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FDA panel backs increased use of AstraZeneca’s Crestor

World News | December 16, 2009


Kevin Grogan

AstraZeneca is pleased with the way a meeting with US regulatory advisors has gone as it could lead to a much broader indication for its blockbuster Crestor.

The US Food and Drug Administration’s Endocrinologic and Metabolic Drugs Advisory Committee has voted 12 yes, four no, and one abstention that the benefits benefits of Crestor (rosuvastatin) offset its risks in certain patients who have no prior history of cardiovascular or cerebrovascular events or coronary heart disease. The FDA panel reviewed data from the landmark 17,802 –patient Jupiter study which demonstrated that the drug cut deaths, heart attacks and strokes in middle-aged people with low-to-normal cholesterol but elevated high-sensitivity levels of C-reactive protein, an indicator of inflammation associated with heart disease.

The Jupiter data forms the basis of a supplemental New Drug Application filed by AstraZeneca in April to update the label on Crestor which could lead to millions of new patients being eligible for treatment with the statin. The company’s chief medical officer, Howard Hutchinson, said discussions with the panel “will help guide our ongoing dialogue with the FDA regarding our request for an indication that supports the use of Crestor for the prevention of cardiovascular disease in patients with an increased risk of experiencing cardiovascular events”.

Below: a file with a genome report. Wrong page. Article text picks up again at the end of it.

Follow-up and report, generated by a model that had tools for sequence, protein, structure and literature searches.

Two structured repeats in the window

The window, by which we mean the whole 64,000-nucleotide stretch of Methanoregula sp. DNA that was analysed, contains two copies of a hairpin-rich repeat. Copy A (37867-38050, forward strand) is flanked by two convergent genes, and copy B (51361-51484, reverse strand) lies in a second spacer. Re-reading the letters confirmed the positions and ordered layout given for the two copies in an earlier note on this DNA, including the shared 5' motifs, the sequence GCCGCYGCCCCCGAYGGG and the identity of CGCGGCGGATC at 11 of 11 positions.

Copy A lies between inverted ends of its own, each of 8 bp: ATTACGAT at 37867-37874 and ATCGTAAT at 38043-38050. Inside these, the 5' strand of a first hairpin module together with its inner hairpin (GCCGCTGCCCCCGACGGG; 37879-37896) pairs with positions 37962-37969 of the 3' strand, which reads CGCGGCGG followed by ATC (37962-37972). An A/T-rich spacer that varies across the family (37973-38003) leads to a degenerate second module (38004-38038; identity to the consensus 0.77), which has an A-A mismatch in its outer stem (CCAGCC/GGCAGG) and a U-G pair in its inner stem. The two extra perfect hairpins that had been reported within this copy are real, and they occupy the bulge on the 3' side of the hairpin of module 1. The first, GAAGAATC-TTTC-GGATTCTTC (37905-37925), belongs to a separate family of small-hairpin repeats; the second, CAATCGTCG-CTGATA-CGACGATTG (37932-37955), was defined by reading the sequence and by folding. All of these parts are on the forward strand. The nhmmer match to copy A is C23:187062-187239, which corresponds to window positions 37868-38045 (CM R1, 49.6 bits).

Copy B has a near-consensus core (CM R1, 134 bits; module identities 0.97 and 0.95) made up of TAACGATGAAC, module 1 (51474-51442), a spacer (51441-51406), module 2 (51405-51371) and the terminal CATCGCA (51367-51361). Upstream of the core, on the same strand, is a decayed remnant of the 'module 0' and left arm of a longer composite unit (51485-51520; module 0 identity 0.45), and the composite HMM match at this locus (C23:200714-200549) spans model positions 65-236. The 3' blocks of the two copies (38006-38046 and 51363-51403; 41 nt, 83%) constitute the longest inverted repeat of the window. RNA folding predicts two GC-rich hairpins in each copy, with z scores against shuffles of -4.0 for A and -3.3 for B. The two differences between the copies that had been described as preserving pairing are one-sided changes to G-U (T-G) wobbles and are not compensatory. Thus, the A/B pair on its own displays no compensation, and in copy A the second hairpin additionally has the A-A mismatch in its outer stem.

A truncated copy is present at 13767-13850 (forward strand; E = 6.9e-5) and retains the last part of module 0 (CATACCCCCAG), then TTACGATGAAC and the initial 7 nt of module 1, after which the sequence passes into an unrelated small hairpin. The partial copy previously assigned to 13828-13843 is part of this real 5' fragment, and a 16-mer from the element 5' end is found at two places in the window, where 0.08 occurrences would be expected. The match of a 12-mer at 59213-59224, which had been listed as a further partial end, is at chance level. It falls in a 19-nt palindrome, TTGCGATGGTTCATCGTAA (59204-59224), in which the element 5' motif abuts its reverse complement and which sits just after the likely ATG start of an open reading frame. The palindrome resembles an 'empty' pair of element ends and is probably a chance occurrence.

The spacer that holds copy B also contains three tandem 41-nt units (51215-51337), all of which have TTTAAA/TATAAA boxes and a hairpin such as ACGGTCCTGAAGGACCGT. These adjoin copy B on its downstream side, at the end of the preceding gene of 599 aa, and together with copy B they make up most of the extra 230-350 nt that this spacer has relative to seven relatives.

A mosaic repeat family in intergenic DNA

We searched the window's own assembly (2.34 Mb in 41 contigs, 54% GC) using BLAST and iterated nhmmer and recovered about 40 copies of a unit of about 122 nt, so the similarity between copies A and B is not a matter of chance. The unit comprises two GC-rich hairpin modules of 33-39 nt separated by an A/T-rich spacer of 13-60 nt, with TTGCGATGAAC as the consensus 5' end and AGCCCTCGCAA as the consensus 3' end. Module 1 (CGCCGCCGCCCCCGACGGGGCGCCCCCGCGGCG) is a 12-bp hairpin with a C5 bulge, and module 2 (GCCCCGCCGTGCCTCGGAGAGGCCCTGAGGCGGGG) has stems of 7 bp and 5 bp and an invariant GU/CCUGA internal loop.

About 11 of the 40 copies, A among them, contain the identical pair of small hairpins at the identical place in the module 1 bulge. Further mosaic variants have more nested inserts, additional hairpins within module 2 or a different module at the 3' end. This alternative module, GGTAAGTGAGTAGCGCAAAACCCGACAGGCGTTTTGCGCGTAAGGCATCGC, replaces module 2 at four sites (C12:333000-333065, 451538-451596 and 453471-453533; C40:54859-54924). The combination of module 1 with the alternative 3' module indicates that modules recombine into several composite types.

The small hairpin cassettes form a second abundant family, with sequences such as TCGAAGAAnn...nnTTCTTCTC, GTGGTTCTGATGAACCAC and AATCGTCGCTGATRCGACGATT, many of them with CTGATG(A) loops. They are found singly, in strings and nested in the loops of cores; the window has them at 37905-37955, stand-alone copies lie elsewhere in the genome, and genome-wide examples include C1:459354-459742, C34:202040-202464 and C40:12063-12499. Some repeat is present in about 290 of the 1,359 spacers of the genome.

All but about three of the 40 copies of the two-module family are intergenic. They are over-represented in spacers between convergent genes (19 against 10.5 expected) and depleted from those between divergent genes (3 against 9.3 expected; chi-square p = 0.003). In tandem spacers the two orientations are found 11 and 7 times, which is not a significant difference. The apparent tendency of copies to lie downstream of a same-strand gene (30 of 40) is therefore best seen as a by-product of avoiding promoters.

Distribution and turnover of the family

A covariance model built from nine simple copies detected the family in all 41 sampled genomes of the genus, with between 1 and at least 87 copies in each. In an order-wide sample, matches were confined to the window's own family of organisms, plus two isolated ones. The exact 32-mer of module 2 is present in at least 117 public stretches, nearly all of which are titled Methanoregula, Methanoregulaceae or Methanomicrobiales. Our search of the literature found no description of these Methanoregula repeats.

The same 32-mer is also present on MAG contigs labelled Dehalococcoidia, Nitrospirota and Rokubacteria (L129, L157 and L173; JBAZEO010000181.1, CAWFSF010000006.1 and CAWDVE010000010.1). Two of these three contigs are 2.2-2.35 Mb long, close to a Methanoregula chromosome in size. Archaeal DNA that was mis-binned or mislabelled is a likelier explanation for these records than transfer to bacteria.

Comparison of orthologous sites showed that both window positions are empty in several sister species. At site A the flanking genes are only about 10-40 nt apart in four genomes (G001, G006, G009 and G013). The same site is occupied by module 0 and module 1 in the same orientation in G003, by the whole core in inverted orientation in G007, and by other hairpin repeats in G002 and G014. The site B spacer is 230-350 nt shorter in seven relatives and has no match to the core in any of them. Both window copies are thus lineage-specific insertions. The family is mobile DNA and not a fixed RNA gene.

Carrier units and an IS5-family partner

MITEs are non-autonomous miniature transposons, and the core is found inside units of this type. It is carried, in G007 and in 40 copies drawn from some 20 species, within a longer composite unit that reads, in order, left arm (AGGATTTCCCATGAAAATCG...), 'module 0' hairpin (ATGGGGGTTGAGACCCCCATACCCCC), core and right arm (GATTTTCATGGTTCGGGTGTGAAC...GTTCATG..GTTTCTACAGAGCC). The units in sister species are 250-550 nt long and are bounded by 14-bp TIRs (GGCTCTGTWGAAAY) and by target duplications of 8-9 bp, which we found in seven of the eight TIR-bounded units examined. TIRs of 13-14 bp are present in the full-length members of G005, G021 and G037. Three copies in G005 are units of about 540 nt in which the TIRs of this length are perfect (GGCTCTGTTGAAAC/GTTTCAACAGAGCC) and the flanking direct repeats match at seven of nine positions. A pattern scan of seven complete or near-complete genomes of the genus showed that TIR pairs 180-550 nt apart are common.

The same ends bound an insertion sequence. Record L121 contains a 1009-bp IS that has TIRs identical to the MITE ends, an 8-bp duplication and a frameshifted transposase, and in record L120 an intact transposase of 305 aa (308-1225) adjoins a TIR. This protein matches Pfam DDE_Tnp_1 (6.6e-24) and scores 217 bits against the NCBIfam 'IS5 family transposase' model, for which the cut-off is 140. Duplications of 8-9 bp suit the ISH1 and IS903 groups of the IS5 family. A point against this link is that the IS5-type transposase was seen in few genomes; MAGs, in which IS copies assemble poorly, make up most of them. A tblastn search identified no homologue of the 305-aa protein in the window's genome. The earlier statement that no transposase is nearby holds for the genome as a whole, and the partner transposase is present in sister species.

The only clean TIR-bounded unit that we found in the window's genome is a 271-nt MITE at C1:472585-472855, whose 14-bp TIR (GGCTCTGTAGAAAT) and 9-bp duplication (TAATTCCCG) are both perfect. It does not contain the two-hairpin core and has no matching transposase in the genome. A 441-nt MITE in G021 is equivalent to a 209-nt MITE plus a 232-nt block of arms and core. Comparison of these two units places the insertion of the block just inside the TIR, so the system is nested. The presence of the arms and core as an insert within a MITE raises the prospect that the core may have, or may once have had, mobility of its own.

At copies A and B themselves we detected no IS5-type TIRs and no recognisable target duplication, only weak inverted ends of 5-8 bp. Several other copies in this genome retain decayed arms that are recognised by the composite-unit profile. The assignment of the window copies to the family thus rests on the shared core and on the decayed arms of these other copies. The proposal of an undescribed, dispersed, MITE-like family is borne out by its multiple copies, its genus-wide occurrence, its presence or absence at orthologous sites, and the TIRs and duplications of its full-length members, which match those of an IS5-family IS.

The agency advisory committee also discussed four non-voting items, including adverse events and whether the Jupiyer trial identified an appropriate new target patient population. One panelist, Michael Criqui, a cardiologist at the University of California at San Diego, was quoted as saying that “there should be some caution in administering this to those who will clearly benefit”.

The panelists also looked at data which revealed a 27% higher rate of diabetes in patients who took Crestor, compared with those who received placebo, plus an increase in gastrointestinal-related deaths and patients on the drug being in a “confusional state. However, the broad conclusion of the panel is that these problems are common to all statins and further study is required.

If the FDA backs a change in label for Crestor or overall guidelines, sales of the AstraZeneca drug could soar. However some analysts believe that rise could be tempered by the introduction of generic copies of Pfizer’s rival drug Lipitor (atorvastatin) in 2011.

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